• Students can do this individually at first, and then in teams to refine their solutions. This is an excellent way to simulate the type of collaboration that happens when people decide to make something new. The team will have to compromise, probably choose a leader, etc. Some will fail. Few will actually succeed. Who said IBCS class cannot be the starting point for entrepreneurship?

Encouraging the use of tools and problem solving is great, but unless students can see beyond language constructs, they are not going to ever get away from programming for the sake of programming. Programming is a tool. Excellent programmers are creative and inventive. Unless those last two concepts are nurtured through planning students will never realize their potential. Also, this keeps IBCS from being boring.

If you want some ideas for programming projects for grades 3-12, send me an e-mail:

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I was reading an article on Slashdot, by far my favorite website. The Slashdot posting linked to this original article, The programming talent myth. The article discusses this perception that programmers are either rock-star-ninjas or barely able to string to strings together (that was a programming joke by the way).

However, the author, who is very accomplished as a programmer and technology professional says something very compelling, and something very applicable to the whole of education,

If the only options are to be amazing or terrible, it leads people to believe they must be passionate about their career, that they must think about programming every waking moment of their life. If they take their eye off the ball even for a minute, they will slide right from amazing to terrible again leading people to be working crazy hours at work, to be constantly studying programming topics on their own time, and so on.

The truth is that programming isn’t a passion or a talent, says Edge, it is just a bunch of skills that can be learned. Programming isn’t even one thing, though people talk about it as if it were; it requires all sorts of skills and coding is just a small part of that.


I felt like I was a bad math student until I was almost 24 years old. I was so convinced I was bad at math, that I assumed I would be awful at programming. I would always work with technology that was based in or around some environment that aided me in development.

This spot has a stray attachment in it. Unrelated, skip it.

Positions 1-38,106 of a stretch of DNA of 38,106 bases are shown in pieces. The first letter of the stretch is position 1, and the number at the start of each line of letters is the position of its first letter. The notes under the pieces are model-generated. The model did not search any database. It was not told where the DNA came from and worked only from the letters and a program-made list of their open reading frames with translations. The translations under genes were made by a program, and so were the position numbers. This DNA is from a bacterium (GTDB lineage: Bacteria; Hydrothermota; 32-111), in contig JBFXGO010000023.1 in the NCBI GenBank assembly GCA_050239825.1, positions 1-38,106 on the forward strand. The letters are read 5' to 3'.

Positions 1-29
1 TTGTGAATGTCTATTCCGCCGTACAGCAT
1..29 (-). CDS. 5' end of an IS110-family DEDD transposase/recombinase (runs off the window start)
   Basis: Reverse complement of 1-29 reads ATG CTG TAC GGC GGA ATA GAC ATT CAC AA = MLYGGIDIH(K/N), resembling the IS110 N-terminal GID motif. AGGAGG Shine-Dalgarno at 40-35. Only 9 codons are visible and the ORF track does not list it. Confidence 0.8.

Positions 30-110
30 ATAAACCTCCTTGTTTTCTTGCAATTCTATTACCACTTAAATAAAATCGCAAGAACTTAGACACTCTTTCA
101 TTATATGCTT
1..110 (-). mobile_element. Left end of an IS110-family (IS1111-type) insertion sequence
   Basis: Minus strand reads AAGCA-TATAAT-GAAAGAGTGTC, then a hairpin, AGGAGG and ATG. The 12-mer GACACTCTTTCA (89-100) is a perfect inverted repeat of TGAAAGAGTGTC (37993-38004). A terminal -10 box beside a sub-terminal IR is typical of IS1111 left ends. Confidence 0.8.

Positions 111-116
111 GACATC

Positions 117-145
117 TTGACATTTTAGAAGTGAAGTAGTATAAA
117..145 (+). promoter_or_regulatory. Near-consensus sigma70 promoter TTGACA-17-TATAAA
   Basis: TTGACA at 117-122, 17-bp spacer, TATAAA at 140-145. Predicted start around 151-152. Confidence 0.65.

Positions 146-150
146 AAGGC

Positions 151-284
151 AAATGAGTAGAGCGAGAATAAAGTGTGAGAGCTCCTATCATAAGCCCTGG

Then one day, as these stories go, I saw an interesting book, and randomly bought it. I literally judged the book by the cover. The book was titled Fermat’s Enigma: The Epic Quest to Solve the World’s Greatest Mathematical Problem.

I began reading it, prepared to skip the math and get to the story. However, this was impossible, as the math was the story. I learned many interesting things. First off, all these “good at math guys” were normal people with mostly boring jobs who did math as a hobby. Second, I was able to actually understand and do the math. How was that possible? How could I, someone who had always struggled with math textbooks, read and understand this book about mathematics?

The reason I could understand it, was because I could read, and this book was written for normal people, unlike a textbook which is written to help teachers plan and meet standards. All I needed was to read the information in a different way, and then have the resources required to look-up things I was confused about.

Once this small break through happened, I started programming for real, and from scratch. Whenever I would go to online forums, I would feel like a fool because everyone seemed to be a rock-star-ninja. I did not let this bother me though, I persisted. I realized I would often only have time to program a few hours a week or sometimes only a few hours a month. I was not a programmer, I was a teacher with a full-time job. These forum ninjas were probably living the life of a programmer, and working on their skills full-time.